Ample reinforcement: no other significant new concept or skill should be introduced until there has been sufficient reinforcement of the newly gained skill or knowledge. Students should use the new skill/concept in a number of pieces and/or contexts.
Comprehensiveness: the method should simultaneously ‘cover’ the experience of reading, rhythm, technique, ensemble, aural development, transposition, creativity, theory and musical performance.
Scope and Format:
Consider the length of the book. Is it too short or too long?
What will the student have learned upon completion of the method?
Do the pages seem cluttered?
Is the material presented in a clear and attractive manner?
What is the purpose of the illustrations?
Is the printing the appropriate size for the age level?
Is the material presented in units or in a continuous format?
Are there sufficient fingerings without being redundant?
Does the book title reflect the content?
Are there sufficient editorial markings, without being over edited?
Are the editorial markings introduced systematically?
Do students explore the entire keyboard or are they restricted to one area?
How is keyboard exploration achieved?
For how long are students required to spend time in one key?
Does the method incorporate pre-staff notation?
Is there sufficient reinforcement for each new reading concept?
Does contour play a role in pitch reading?
Is there sufficient time spent using pre-staff notation?
Is the grand staff introduced gradually or all at once?
Once the staff is introduced, what is the basic reading approach?
Does each new piece have a logical relationship to the previously introduced concepts and pieces?
Are the note names written in the noteheads?
If intervals are used for reading, what is the order of the interval presentation?
Is transposition incorporated?
Are sharps and flats introduced with a definite plan?
Are key signatures introduced with a definite plan?
How is pitch reading reinforced?
Are landmark notes used?
What is the balance of black- and white-key use?
Is pulse sufficiently learned before other rhythmic concepts are presented?
What counting system is suggested or implied?
Are rhythms introduced in a logical way?
Is each new rhythm pattern sufficiently reinforced before a new one is presented?
Does the method build rhythmic understanding into the body?
Are rests introduced in a logical way and as a musical silence?
When are bars and bar lines introduced?
How is the time signature introduced?
Which time signatures are used?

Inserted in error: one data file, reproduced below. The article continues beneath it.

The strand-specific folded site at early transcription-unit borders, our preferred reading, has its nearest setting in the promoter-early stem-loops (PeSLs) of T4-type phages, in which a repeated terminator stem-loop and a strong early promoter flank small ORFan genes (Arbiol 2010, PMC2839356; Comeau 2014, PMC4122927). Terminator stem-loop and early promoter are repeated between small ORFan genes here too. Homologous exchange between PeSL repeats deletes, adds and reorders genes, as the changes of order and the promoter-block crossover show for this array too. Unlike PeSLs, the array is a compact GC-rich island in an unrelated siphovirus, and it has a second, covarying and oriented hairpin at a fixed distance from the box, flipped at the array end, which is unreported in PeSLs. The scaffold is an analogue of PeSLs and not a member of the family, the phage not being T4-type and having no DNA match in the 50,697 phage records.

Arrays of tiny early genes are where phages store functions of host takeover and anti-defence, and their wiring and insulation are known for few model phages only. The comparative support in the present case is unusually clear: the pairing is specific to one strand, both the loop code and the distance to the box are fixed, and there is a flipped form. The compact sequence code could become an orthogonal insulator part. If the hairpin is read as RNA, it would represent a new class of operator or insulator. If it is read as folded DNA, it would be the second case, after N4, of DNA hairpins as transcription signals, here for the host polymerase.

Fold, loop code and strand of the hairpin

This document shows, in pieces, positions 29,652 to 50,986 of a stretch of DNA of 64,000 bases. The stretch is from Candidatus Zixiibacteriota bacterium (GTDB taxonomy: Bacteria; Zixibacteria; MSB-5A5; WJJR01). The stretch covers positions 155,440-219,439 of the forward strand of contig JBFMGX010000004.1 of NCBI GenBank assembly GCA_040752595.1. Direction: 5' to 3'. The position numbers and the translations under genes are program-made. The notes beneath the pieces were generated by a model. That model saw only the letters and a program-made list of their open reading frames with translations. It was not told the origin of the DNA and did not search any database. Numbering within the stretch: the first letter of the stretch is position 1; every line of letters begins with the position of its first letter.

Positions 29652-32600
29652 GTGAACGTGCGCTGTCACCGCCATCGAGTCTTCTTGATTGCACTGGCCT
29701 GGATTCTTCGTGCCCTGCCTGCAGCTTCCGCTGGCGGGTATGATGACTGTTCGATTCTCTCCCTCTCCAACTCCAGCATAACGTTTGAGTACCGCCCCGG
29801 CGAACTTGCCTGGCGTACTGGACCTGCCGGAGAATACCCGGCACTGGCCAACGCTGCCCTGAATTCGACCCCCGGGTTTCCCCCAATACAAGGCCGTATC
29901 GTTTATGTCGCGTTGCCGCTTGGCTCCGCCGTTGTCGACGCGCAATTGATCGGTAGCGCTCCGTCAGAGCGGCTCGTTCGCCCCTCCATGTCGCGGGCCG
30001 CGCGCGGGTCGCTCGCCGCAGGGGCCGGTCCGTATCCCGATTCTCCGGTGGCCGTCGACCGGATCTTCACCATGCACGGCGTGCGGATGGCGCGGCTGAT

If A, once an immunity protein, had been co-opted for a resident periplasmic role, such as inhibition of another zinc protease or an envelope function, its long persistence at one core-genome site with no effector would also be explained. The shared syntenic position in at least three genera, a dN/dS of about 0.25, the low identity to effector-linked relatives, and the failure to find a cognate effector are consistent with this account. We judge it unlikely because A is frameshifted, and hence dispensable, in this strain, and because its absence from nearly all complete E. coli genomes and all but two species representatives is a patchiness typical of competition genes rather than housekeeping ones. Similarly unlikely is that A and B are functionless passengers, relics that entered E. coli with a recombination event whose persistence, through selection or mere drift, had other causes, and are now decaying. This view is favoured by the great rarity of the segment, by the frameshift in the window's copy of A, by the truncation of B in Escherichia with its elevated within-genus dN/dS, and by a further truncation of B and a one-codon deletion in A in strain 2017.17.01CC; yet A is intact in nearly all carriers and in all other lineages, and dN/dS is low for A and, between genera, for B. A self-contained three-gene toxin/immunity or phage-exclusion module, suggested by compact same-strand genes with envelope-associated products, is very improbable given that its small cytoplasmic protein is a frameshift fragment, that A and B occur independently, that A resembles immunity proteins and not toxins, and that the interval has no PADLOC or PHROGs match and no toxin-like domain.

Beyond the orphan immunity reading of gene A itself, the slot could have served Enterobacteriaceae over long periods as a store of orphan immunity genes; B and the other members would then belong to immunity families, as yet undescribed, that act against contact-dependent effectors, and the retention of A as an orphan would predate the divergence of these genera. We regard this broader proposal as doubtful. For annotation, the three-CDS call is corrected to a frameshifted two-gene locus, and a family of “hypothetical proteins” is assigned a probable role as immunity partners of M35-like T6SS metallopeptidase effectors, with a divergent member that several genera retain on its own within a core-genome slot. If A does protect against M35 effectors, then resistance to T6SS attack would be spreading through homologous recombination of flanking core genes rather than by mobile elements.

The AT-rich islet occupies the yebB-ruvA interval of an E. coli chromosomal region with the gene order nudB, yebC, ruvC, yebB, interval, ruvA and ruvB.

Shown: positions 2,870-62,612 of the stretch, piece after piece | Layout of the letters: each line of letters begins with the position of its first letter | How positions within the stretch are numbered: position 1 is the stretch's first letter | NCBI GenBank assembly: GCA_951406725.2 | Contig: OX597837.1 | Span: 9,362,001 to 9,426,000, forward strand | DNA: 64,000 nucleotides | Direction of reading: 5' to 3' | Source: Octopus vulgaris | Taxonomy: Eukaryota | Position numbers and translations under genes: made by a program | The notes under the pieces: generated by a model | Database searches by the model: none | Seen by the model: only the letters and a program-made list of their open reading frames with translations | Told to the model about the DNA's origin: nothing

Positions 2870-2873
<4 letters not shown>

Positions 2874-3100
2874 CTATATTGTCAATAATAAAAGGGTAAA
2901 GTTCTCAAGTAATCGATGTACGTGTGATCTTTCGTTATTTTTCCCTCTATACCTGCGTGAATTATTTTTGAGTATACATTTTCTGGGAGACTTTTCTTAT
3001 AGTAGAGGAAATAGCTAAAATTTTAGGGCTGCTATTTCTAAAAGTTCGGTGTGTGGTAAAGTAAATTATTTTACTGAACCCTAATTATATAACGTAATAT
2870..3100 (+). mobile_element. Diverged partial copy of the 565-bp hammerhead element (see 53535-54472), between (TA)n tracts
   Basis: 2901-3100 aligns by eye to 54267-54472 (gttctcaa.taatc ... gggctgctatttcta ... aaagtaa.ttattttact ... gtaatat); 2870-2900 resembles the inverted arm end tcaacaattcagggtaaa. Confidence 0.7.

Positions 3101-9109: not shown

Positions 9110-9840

How is rhythm reading reinforced?
Does technical development seem to be a systematic part of the method?
How is technique reinforced?
Does the technical development begin with a whole-arm or an individual-finger approach?
Do the pieces allow for equal development of both hands?
Are technical difficulties introduced gradually?
Are five-finger patterns introduced? And how?
How soon are chords introduced?
When and how are scales introduced?
When are articulations introduced?
Does the method introduce all of the basic motions and coordination needed to prepare for intermediate-level repertoire?
Does the method encourage a technique that is conducive to a musical sound?
How is the development of fingers 1 and 5 achieved?
Is the transposition of technical exercises encouraged?
Is the use of the damper pedal taught?
Are chromatic figures introduced?
Was the music originally composed for the method?
Is there a sufficient number of familiar pieces? Do the originally composed pieces sound somewhat familiar to most students?
How many of the pieces are simplified versions of masterworks?
Are titles appropriate for the age level?
Is the music appealing to the majority of students?
Is the music linear in nature or does it emphasise full sounds?
Are contemporary musical sounds explored?
Are pieces included that are easy to memorise?
Are the titles of the pieces chosen for a purpose?
Do the pieces include lyrics?
Does the method book encourage students to listen and make judgements about what they hear in the pieces and in their own playing?
Are ear-training skills developed in a systematic way?
Development of Musical Playing:
Are there student/teacher duets?
Are the interpretive markings appropriate for the age and level?
How are musical elements, such as articulations or dynamics, introduced?
Are students given the opportunity to apply new concepts and skills in creative activities such as improvisation?
Are students encouraged to make up melodies?
Are students provided the opportunity to harmonise melodies?
What patterns are introduced and emphasised?
How and when do students experience key or tonality?
Is there a written theory program?
Is there a keyboard theory program?
Will students gain a thorough understanding of the structure of pieces?
Are theoretical concepts applied to pieces?
Application of Learning Principles:
Is the text clear enough to enable students to gain independence from the teacher?
Does the method provide challenge without discouragement?
Is the unfamiliar approached from the familiar?
Will the pace of the method meet individual needs?
Are audio recordings, orchestrated accompaniments, and theory or ear training computer software available for the method series?
Are there flashcards?
Will students need supplementary books for reinforcement and a comprehensive education?
In the next post I will follow the above-mentioned criteria to discuss a few of the most commonly used ‘Piano method’ books in South Africa.
A summary of Chapter Three in Professional Piano Teaching. A Comprehensive Piano Pedagogy Textbook for Teaching Elementary-Level Students. Jeanine M. Jacobson, edited by E.L. Lancaster. Alfred Publishing Co., Inc. Los Angeles. 2006.